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Benchmarks in technical and commercial perfomance


As fuel performance monitoring becomes more widespread in the tanker industry, the gathering of quality data concerning at sea consumption is only the beginning.


Through analysis joined with historic data, it is possible to establish realistic technical baselines, as well as commercial benchmarks, thus enabling a closer communication between technical and commercial departments.

This standard is often denominated ‘baseline’ or ‘benchmark curve’. It is, however difficult to find a definition for these concepts, and even more difficult to find nominal values for such standards.

The purpose of this article is to clarify matters and establish some principles for a numerical determination of benchmarks to be used by PDI in Propulsion Dynamics’ CASPER reports.

Baseline - In the patented CASPER performance analysis reports, the baseline reflects simply the resistance of the new, clean ship.

This resistance is relatively well-defined, and the ‘base line’ is therefore a value, which may be regarded as constant over time. If this resistance is given the value 1 at design draft and at design speed, the actual ‘added resistance’ is simply the factor, which shows the actual increase of resistance (of hull and propeller) in relation to the baseline resistance, when all other parameters, such as wind, waves, sea current, draft/trim and speed, have been corrected for.

The baseline may of course be changed over time, either if it is found that the initial clean ship resistance was erroneous, or if the ship has been modified (such as installation of energy saving devices).

A sometimes called ‘Dynamic Baseline’ behaviour expresses that the ‘new ship performance’ can not be maintained over time, even with the best possible maintenance husbandry. This can, however also, and more correctly, be reflected by a suitable benchmark curve, as shown in the following.

Benchmarks - The definition of a benchmark is that it represents some kind of a standard, to which something could be compared. A technical standard for comparison could be based on the PDI experience with ships of similar type. This is reflected in the following diagrams.

Benchmarks may of course also be established based on commercial standards, such as common charterparty requirements, or possible an operational benchmark whereby (anonymous) competitors’ best practice for shipping companies that wish to participate in anonymous benchmarks is compared.

In the following it is mainly the technical benchmarking, which is described.

Figure 1 shows the different kinds of CASPER added resistance.

It is seen that there is the so-called permanent added resistance, which covers the permanent degradation over time of the wetted surfaces. The permanent added resistance may be removed, but that will normally require large investments in drydocking time in order to replace of a large part of the shell plating, smoothing of weld beads, etc.

There will also be a kind of semi-permanent added resistance (or basic roughness), which may mostly be removed by extensive blasting in drydock. Full ‘white metal’ sand blasting will, however normally only take place every 10 years.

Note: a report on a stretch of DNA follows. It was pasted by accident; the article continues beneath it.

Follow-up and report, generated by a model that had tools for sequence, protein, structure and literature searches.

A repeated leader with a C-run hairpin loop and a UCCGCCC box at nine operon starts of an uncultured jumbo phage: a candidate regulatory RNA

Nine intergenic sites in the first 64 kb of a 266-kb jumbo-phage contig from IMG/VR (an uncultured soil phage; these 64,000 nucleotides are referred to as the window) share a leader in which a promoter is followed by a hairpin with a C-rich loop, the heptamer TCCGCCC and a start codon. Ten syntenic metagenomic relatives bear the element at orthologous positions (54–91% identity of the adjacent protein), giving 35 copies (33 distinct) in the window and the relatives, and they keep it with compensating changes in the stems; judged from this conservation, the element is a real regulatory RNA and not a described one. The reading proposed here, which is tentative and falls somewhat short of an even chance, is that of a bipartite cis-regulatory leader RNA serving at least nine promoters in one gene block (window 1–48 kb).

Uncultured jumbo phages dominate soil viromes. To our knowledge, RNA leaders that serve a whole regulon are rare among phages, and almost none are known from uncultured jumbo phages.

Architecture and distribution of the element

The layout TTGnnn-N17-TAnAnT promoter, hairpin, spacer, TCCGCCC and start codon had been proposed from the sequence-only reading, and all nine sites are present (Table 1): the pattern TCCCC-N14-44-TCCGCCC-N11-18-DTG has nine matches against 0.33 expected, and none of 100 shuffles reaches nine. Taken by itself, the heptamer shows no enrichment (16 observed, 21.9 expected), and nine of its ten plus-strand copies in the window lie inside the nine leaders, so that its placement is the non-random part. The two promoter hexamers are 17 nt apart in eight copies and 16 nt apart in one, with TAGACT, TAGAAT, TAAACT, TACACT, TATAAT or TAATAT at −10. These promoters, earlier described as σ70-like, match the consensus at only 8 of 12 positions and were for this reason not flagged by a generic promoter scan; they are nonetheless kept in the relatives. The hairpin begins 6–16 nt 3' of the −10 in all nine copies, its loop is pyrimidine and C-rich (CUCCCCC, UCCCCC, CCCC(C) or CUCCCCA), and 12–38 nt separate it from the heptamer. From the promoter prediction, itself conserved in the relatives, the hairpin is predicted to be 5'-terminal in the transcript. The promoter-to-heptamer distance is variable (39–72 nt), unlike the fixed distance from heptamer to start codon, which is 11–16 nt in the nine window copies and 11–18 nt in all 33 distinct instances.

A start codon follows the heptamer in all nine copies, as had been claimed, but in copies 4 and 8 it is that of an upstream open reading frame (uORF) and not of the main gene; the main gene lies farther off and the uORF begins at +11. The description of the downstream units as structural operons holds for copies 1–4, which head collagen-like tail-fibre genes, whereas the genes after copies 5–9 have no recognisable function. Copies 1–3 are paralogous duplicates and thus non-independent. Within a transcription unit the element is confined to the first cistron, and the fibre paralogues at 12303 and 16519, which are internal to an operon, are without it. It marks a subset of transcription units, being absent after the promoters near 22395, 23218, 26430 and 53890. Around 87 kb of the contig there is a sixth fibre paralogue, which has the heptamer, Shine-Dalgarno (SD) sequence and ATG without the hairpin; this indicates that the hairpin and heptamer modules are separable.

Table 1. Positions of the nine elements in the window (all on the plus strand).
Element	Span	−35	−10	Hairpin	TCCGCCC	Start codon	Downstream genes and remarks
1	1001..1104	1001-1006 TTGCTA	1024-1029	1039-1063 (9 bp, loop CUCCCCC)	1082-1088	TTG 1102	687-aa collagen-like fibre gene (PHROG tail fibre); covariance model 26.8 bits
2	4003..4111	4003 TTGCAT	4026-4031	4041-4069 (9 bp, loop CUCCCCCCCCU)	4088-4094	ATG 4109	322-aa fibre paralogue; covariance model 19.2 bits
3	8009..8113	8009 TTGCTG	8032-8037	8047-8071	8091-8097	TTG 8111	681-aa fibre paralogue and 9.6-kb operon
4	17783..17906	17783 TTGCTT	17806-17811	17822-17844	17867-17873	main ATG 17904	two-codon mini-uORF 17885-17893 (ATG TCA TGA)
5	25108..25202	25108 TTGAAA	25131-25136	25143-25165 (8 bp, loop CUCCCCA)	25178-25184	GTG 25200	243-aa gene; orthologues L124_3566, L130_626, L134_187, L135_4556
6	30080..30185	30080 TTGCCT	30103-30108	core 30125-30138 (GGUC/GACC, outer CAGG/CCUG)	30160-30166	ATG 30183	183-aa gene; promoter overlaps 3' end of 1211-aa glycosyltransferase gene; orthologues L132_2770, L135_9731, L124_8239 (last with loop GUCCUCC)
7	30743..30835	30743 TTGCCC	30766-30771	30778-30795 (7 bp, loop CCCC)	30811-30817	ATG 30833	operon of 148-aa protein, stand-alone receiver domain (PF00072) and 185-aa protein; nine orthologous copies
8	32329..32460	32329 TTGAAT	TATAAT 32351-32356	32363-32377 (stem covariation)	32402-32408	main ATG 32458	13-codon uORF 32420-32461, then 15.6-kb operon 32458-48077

Finally, there is the added resistance caused by marine growth. It will increase over a docking period, unless some kind of in-water cleaning of hull and/or propeller is carried out.

Figure 2 shows how the marine fouling added resistance develops over a docking period, if nothing is done. It also shows how the added resistance is influenced by hull/propeller cleaning.
Finally, Figure 3 shows how the development over a 25 years lifetime could be for a typical tanker.

A mean benchmark curve is shown, and proposed validation areas are indicated by colours, amber for ‘normal’, green for ‘good’ and red for ‘bad’, respectively.

The curves and the colour zones reflect only some of the principles. The real curves and zones to be utilised should be determined in co-operation with the tanker owner, when a strategy for the use and the maintenance of their ships has been determined.


Conclusion
Benchmark curves drawn for the purpose of fuel saving and maintenance guidelines should normally reflect general experience, however, it is obvious to rely especially on detailed experience with similar ships, similar hull surface treatment and similar procedures for maintenance.
The first thing to do, therefore is to decide on a strategy for hull/propeller maintenance, including the choice of hull coating types and intervals for drydocking and underwater cleanings and then determine the benchmarks in such a way that it can be checked whether the goals of the strategy is reached or if further action is required.
In CASPER, the results of over 4,000 ship-years; tracking daily or weekly hull performance and 1,000 drydockings together with hull cleanings and propeller polishes, have been analysed, and therefore it is easy to evaluate the efficiency of the hull coatings and aforementioned maintenance activities.
Benchmarks can be drawn that are purely technical (with sea trial performance as a basis) or benchmarks that are operational (using values for similar ships of similar age and time-out-of-dock). Further, benchmarks can also reflect commercial goals (using charterparty figures for speed, fuel consumption, weather, etc) and can be defined accordingly.
It is therefore likely that different departments within a tanker operation will need different kinds of benchmarks. This is possible and will be reflected by the CASPER presentation of analysis results.


*This article was supplied by Propulsion Dynamics.

 

 

 

 

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